One day, a textile product trading company received a phone call from one of its suppliers: the caller mentioned that their factory was relocated, and their bank account was changed. The supplier asked to wire the payable balance to their new bank account. The CFO of this trading company recalled that he read an article about a similar case in which the subject company was caught in trouble because they wired money into the trading partner’s new bank account. What should the CFO do in this case?
The first thing came to the CFO’s mind was the principle of KYC (Know Your Customer): if there is a major change of a trading partner, then the KYC process must be re-executed to ensure that compliance is satisfied.
Without the re-launch of KYC process, the CFO might not know whether:
Since the trading company had been a long-term customer of iQor-RMS, he called iQor-RMS for advice. The CFO was immediately ensured that he had all the reasons to worry because iQor-RMS had handled a number of similar dispute cases.
The iQor-RMS Advisor quickly put together a scenario that the trading company had a trading contract with the existing supplier, and the payable balance should be wired into the existing bank account. Without re-doing KYC and after paying to the new bank account, the existing supplier might chase after the trading company if the new bank account was not owned by the existing supplier. Also, if the supplier changed its shareholders, and potentially its key management personnel, then the trading company needed to reconsider their trading relationship.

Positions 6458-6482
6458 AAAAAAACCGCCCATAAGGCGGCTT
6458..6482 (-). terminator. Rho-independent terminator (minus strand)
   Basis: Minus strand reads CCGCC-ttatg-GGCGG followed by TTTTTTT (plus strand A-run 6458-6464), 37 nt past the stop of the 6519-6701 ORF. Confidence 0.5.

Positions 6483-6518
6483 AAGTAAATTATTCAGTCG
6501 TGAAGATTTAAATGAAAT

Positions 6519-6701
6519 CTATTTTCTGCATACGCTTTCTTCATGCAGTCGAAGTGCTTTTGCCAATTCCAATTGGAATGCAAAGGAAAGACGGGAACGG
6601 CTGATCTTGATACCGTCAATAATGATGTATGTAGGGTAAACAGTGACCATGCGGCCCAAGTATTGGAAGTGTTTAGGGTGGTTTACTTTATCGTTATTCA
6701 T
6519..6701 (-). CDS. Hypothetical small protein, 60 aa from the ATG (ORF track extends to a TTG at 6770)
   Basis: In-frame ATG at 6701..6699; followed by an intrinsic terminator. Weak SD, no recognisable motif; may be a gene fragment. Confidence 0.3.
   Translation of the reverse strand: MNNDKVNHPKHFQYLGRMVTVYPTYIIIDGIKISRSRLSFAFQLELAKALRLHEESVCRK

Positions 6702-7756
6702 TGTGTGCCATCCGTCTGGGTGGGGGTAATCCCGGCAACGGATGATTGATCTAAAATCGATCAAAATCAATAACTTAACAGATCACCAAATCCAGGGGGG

As for the KYC check, iQor-RMS suggested the CFO to do the following:
After the KYC review, the CFO found that the supplier was trying to expand its operations, using the old factory for domestic market, and the new factory for overseas market. There was no shareholder change in the supplier’s company registration, and the new bank account was legitimate. The trading company was happy to have a steadier supply from this supplier.
Lessons to learn:
You never know what risks you are facing to if you don’t conduct your KYC review. KYC’s cost is low compared to the cost you may anticipate in a dispute.
Alexander has over 25 years of experience in Business Information Management and Information Technology. Previously, he has held leadership positions in the world’s leading Business Information providers, including Managing Director of Thomson Reuters Asia, and General Manager of Dun & Bradstreet (D&B), Hong Kong and Taiwan. In addition, he personally managed Hong Kong's Commercial Credit Bureau while working with D&B, and the Consumer Credit Bureau through his directorship at TransUnion Limited.